Skip to main content
Please enter a legal issue and/or a location
Begin typing to search, use arrow keys to navigate, use enter to select

Find a Lawyer

More Options

1 in 2 Black Men, 4 in 10 White Men Arrested by Age 23: Study

By Brett Snider, Esq. on January 06, 2014 | Last updated on March 21, 2019

A new study compares the arrest rates of Americans between 18 and 23 years of age, and finds significant differences when it comes to gender and race.

In a study published in the journal Crime & Delinquency, researchers from the University of South Carolina used data from the U.S. Department of Labor to evaluate the arrest rates of young adults. Their research suggests that young males are at least twice as likely as their female counterparts to be arrested between the ages of 18 and 23.

What else does this new study reveal?

Male Arrest Rates Jump From 18 to 23

According to the study, the arrest rate for American males increases significantly from age 18 to age 23. Researchers examined different racial groups and found:

  • 30 percent of non-Hispanic black males had been arrested by age 18. That figure jumped to 49 percent by age 23.
  • 26 percent of Hispanic males had been arrested by age 18. That jumped to 44 percent by age 23.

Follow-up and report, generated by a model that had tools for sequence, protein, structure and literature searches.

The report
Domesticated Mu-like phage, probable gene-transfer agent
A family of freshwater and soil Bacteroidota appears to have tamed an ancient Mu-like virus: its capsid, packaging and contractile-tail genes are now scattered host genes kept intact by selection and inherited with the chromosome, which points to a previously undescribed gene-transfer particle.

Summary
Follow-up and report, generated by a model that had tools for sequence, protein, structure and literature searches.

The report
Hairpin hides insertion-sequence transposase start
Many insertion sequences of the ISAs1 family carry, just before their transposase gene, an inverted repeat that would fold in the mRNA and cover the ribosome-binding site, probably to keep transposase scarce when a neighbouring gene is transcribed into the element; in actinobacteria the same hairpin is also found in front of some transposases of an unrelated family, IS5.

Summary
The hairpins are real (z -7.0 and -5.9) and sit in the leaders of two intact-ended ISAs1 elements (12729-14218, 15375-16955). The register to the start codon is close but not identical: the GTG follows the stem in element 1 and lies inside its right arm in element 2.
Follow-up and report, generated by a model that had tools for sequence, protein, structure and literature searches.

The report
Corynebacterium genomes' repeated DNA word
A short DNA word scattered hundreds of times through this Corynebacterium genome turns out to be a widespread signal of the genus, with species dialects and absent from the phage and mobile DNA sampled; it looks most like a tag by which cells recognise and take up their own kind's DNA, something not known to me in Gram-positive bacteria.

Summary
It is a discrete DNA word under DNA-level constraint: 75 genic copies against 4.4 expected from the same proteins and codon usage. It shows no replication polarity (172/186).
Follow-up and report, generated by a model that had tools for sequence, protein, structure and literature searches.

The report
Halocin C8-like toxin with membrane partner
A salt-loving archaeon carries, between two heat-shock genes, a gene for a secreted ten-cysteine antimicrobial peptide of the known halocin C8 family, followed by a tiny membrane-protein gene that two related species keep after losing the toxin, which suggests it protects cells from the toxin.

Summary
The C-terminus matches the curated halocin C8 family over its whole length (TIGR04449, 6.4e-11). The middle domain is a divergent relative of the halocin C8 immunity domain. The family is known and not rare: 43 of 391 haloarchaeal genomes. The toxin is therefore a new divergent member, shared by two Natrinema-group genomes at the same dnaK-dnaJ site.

• 22 percent of non-black, non-Hispanic (white) males had been arrested by age 18. That jumped to 38 percent by age 23.

Across all racial groups, the study suggests that arrest rate increases nearly 60 percent for males from age 18 to 23.

Consistent with other studies looking at arrest rates along racial lines in America, the study seems to illuminate the much higher exposure that young black males have with the criminal justice system than their white or Hispanic peers.

No Significant Difference Among Female Racial Groups

Although the study supports a marked difference between arrests young males by race, there was little significant difference between female racial groups.

According to researchers, white females had the highest arrest rate of all female racial groups at age 18 (12 percent), with Hispanic and black females trailing by less than a percentage point.

And while the prevalence of arrest did increase by age for young females in all racial groups, even at age 23, the highest arrest percentage was 20 percent (for white females).

So if men are indeed more likely to go to court than women, perhaps it's because women are far less likely to be arrested in their early years.

Related Resources:

You Don’t Have To Solve This on Your Own – Get a Lawyer’s Help

Meeting with a lawyer can help you understand your options and how to best protect your rights. Visit our attorney directory to find a lawyer near you who can help.

Or contact an attorney near you:
Copied to clipboard